Management reiterated that Adocia’s main priority is securing a development partner to advance ultra-rapid-acting BioChaperone Lispro into phase 3 (see slide 12). A great deal of potential surrounds this candidate, which demonstrated significantly faster offset vs. Novo Nordisk’s next-gen Fiasp (faster-acting insulin aspart) in topline results from the first-ever head-to-head trial of ultra-rapid-acting insulins (full results are expected at a “major meeting in 2018” – very possibly ADA). Onset time was similar between BC Lispro and Fiasp. Adocia’s candidate was superior to Novo Nordisk’s NovoLog (insulin aspart) for both onset and offset time, corroborating previous findings that BC Lispro is significantly faster-acting than Lilly’s Humalog (insulin lispro), and solidly placing the candidate within the emerging class of ultra-rapid-acting insulins. While impressive, this phase 2 head-to-head study was rather small (n=42 patients with type 1 diabetes on a pump). Nonetheless, in line with this topline data, Adocia positioned BC Lispro as an eventual “differentiated competitor” to Fiasp in 1Q18 presentation materials. Of note, BC Lispro could reach a broad spectrum of type 1s and type 2s since it has been well-characterized with consistent results for both pumps and MDI. Fiasp has not been approved for pump use in the US or Canada, though it is indicated by EMA for insulin pumps. In Onset 5, presented recently at ATTD, Fiasp showed postprandial efficacy in type 1 pumpers (n=472), so it’s possible that faster-acting aspart will eventually be approved by FDA with this expanded indication, though we haven’t heard any comments on this from Novo Nordisk. On a previous call with our team, Adocia management noted that the company will meet with FDA in 2018 to discuss plans for phase 3 trials of BC Lispro. They also mentioned that a go-alone pathway isn’t off the table, although Adocia would ideally like to secure a dedicated partner for product development and commercialization. We’ve heard no specific updates on possible partnerships, and we await further details.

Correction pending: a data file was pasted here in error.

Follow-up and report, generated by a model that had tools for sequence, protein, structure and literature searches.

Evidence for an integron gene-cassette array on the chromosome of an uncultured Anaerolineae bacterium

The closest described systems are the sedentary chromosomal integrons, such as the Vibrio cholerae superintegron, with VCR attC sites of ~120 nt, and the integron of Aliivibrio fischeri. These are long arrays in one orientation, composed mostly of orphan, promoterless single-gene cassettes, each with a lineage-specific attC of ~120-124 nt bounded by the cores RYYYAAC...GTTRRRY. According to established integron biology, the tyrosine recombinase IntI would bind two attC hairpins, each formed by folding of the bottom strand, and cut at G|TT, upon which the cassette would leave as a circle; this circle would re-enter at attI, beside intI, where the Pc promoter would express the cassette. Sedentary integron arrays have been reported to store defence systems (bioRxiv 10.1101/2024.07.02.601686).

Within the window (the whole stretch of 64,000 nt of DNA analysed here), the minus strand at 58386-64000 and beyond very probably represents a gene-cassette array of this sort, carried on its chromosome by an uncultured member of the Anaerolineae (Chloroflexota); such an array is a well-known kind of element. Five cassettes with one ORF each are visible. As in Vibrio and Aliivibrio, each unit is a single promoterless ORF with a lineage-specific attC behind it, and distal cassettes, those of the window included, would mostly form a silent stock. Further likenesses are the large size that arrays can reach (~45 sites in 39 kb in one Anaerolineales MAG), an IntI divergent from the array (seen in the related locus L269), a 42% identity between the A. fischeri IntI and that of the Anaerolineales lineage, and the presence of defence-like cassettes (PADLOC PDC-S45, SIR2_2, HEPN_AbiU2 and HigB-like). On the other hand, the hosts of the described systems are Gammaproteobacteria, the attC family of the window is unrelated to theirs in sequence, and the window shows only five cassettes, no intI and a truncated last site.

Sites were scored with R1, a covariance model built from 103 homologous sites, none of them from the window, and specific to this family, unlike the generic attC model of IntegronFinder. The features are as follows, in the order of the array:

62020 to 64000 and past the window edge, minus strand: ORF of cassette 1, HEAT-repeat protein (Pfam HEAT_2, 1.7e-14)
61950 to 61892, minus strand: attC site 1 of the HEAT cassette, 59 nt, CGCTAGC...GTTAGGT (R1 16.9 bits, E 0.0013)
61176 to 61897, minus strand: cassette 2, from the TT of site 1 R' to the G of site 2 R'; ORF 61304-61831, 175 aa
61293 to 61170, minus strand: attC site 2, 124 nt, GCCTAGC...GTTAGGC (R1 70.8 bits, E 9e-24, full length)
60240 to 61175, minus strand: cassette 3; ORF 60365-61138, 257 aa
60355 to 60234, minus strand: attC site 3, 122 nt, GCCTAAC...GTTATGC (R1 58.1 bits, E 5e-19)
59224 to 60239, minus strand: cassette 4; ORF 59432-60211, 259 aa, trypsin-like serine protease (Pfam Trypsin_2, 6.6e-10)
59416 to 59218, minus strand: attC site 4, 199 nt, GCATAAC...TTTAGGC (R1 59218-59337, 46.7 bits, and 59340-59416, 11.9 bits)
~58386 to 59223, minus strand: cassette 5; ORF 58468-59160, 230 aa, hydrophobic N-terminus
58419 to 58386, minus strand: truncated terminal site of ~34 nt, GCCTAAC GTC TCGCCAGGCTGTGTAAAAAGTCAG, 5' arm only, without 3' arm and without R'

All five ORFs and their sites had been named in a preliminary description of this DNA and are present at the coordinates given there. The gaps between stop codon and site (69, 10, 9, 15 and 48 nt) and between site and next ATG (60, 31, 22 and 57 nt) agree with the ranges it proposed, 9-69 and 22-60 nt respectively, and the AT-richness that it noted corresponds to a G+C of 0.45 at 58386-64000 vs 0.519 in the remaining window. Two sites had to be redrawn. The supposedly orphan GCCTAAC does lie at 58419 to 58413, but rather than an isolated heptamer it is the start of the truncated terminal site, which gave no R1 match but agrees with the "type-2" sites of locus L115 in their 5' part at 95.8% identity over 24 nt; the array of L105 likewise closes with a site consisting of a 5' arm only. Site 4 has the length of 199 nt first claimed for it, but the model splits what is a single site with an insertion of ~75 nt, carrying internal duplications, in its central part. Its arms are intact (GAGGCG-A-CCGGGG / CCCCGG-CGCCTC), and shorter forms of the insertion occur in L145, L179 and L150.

• As background, Lilly terminated its licensing agreement for BioChaperone Lispro in January 2017, choosing instead to focus on its own internally-developed ultra-rapid-acting insulin candidate LY900014, now in phase 3. This is the subject of two separate arbitration proceedings: In October 2017, Adocia filed for $11 million in arbitration claims because of Lilly’s sudden change of the BioChaperone Lispro development plan. In February 2018, Adocia claimed additional damages of >$200 million because of Lilly’s purported breach of collaboration and confidentiality agreements. These legal proceedings are expected to conclude in 1H18 and 2H18, respectively.

2. BioChaperone Pramlintide Insulin Enters Phase 1 for Type 1 Diabetes; Fixed-Ratio Insulin/GLP-1 Combos Remain in Preclinical Stage